• If you own a young puppy or kitten who will be having their first experience of fireworks, read up on the process of socialisation. This is when young pets are gradually introduced to various people, objects, sounds and experiences during their first few months, which can significantly reduce the likelihood of fears developing in later life.
  • If you have an older pet who already shows signs of fireworks phobia, using a CD for noise-phobic pets to gradually get them used to the sounds of fireworks may help. Build up the volume and duration very gradually over a period of weeks, and ensure you remain calm and relaxed whenever you play the sounds, so your pet learns there is nothing to be afraid of.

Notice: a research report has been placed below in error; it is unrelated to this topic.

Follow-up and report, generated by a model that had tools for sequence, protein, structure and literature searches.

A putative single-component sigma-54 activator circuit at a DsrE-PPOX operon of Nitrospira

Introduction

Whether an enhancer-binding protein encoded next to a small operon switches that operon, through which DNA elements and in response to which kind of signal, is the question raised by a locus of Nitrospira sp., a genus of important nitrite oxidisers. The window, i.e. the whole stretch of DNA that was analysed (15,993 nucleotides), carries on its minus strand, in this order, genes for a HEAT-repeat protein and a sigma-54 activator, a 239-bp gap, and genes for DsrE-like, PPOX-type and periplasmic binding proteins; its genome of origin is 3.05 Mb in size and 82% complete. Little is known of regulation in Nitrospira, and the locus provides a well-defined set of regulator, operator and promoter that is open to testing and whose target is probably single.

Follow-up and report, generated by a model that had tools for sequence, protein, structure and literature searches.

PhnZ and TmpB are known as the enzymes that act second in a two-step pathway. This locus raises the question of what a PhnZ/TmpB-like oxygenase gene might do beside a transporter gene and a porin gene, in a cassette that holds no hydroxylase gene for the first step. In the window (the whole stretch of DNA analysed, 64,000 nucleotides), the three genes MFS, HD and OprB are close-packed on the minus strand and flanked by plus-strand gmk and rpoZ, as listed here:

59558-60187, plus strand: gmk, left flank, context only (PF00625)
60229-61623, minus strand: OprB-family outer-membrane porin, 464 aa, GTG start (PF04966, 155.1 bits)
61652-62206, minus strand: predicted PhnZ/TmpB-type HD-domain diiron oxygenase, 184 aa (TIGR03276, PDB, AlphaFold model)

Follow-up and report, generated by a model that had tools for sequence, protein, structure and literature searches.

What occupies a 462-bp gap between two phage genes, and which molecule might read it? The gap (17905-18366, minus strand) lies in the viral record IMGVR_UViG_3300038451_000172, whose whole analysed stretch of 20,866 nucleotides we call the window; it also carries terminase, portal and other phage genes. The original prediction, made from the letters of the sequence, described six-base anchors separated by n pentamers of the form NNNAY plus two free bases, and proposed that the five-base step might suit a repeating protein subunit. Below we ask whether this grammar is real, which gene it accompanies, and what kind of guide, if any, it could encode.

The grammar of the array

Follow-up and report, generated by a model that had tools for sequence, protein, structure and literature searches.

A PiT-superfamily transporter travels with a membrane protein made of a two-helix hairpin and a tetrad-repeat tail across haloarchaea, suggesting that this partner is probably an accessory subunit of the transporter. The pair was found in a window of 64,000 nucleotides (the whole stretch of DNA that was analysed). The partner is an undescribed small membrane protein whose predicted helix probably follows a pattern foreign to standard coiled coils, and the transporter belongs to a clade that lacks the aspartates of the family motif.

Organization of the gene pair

• Build a ‘fireworks den’ for your pet, somewhere they feel safe. For dogs, this may be behind the sofa or under a table - cover it with blankets and line it with pillows or cushions to absorb some of the noise. Cats often feel safest when high up, so a safely secured, covered cat bed on top of a wardrobe or shelf may be their preferred option. Build it a few weeks ahead of fireworks season, and give your pet healthy treats or praise when they use it so they build a positive association, but don’t force them to use it.
  • Ensure that cats and dogs are microchipped (this is a legal requirement for dogs anyway), so that if they run off in panic, they can be quickly reunited with their owner when found
  • Use pheromones – these are available as diffusers, which release scents which are undetectable to humans, but have a calming, reassuring effect on our pets. They are available for dogs and cats, and should be used for several weeks leading up to fireworks season.
  • For severe phobias, we recommend speaking to your vet, who will be able to discuss various options including referral to an accredited behaviourist.